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GHC warns that I don't have the function signatures at the top level. I don't get why I would need them. The problem with providing them is that they are quite sophisticated, like this one (autogenerated):

applyValue :: forall t t1 t2 t3 t4.
                (t2 -> t)
                -> (t2 -> t3 -> t4 -> t1) -> t2 -> t3 -> t4 -> (t -> Bool) -> [t1]

So why would I bother adding them?

the function itself:

applyValue getValueAt stitchAndMove at fabric mark matchAt =
   if matchAt (getValueAt at)
   then [stitchAndMove at fabric mark]
   else []
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Do you have any extensions enabled? –  Gabriel Gonzalez Oct 28 '13 at 3:36
    
Can we see some code? –  jozefg Oct 28 '13 at 3:37
5  
If this happens because you're compiling with -Wall, you can use -fno-warn-missing-signatures. It's considered good practice not to leave them out - see Daniel Wagner's answer for reasons why. –  Mikhail Glushenkov Oct 28 '13 at 3:38
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1 Answer

up vote 18 down vote accepted
  • As a form of machine-checkable documentation. If you believe that type to be the right type, putting it there asks the compiler to double-check that you didn't hose your own interface during your later inevitable refactoring sessions.
  • As human-readable documentation. Although as you observe, when you notice you're writing an awful machine-generated type, it's probably time to think about what (type-level) abstractions you need to make it human-readable.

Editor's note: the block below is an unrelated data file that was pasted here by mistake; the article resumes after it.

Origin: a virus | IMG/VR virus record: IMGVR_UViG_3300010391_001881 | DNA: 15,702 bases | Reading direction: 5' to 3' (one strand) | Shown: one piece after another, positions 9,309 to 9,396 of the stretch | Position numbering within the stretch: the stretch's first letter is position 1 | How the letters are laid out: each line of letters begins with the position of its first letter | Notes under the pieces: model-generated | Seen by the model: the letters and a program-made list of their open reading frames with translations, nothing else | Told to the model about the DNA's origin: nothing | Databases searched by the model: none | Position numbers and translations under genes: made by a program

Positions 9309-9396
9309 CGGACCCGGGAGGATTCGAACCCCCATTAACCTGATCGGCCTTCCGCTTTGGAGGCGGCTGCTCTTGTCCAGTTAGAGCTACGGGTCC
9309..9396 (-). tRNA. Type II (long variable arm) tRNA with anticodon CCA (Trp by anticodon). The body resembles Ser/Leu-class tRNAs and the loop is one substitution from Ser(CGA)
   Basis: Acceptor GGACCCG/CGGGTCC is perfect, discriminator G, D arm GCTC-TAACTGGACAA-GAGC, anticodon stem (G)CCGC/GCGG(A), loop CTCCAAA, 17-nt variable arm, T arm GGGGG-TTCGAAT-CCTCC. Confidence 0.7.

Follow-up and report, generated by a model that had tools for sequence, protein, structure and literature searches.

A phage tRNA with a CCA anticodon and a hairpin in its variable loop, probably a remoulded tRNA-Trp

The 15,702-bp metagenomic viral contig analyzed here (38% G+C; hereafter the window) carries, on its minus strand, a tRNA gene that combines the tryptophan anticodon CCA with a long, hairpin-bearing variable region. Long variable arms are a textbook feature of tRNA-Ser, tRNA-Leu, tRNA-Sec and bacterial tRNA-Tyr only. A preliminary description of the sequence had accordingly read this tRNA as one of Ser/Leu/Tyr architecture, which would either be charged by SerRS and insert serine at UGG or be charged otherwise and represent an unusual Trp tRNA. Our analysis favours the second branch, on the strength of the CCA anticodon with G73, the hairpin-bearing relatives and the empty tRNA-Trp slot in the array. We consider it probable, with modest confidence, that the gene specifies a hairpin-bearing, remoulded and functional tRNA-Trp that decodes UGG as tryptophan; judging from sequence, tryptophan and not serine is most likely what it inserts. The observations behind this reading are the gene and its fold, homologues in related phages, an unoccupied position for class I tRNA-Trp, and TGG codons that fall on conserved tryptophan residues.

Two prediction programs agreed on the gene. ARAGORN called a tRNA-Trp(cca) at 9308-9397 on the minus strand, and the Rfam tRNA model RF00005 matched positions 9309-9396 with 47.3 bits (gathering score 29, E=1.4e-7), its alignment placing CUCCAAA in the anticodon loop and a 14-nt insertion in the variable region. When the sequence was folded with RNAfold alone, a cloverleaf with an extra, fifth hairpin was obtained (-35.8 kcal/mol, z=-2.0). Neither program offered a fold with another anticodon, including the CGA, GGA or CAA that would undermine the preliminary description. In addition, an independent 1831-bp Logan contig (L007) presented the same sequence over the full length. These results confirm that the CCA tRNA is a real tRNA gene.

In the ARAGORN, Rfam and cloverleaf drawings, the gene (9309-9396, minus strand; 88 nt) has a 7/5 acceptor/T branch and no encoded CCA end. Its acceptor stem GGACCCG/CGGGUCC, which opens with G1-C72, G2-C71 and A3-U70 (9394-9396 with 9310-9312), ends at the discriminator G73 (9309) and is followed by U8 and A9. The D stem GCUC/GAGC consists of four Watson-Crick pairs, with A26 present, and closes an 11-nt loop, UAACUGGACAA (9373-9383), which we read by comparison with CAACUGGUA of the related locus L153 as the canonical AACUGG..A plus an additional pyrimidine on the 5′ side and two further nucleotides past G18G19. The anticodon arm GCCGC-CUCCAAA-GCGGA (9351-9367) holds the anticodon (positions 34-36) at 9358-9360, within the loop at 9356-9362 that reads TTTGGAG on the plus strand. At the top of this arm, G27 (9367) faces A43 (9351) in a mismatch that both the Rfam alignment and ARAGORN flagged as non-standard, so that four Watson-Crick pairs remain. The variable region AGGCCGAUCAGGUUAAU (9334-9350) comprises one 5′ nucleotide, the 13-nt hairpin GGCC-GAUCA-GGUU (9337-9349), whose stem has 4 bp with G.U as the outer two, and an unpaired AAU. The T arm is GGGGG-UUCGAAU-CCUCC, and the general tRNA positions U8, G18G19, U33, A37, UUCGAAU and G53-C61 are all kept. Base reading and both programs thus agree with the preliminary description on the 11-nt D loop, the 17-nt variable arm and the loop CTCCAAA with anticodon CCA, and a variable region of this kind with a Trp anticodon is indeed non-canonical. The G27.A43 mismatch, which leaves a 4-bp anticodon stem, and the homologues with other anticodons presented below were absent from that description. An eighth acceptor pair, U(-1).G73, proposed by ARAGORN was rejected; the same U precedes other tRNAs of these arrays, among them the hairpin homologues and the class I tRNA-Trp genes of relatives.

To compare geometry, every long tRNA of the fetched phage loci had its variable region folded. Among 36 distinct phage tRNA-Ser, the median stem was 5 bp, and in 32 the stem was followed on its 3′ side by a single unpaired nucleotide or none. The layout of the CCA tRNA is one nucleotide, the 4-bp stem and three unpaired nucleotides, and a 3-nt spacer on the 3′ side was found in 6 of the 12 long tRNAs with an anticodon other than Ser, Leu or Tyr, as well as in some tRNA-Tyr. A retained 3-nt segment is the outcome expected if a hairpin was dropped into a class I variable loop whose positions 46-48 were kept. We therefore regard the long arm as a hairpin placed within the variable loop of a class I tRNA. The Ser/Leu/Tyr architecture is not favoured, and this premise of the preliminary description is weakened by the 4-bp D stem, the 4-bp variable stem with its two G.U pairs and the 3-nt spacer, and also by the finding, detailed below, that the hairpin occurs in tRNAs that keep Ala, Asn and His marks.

• For haddock. Haddock comments get attached to type signatures, not bindings, so if you leave out a type signature, your carefully hand-written documentation will be silently ignored.
  • To improve error messages and ghci query results: although the actual names of type variables don't matter, GHC tries hard to preserve names when they're provided by the user. Something like (node -> Bool) -> (edge -> Bool) -> (graph -> Bool) can be much more readable than (t1 -> Bool) -> (t2 -> Bool) -> (t3 -> Bool), even though they're equivalent.
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Your point makes sense, I have another quick question though, is there a way to reuse signature blocks, say I have a signature of a function f1 that is long and sophisticated, now f2 takes f1, so it's everything about f2 + whatever f1 was. I wonder if I can save some work by assigning the signature f1 to some of name (type?) and refer to it by that name when I am defining the signature of f2. Thanks –  1365 Oct 28 '13 at 3:51
5  
@AlekseyBykov Yes, this is what type aliases do. You can read about them in the Report or your favorite tutorial. –  Daniel Wagner Oct 28 '13 at 3:58
    
Signatures are sometimes necessary even if you don't care about documentation or error messages. Sometimes it is ambiguous what instance of a type class you want, and thus you need to explicitly constrain it in order for it to compile. –  newacct Oct 28 '13 at 23:37
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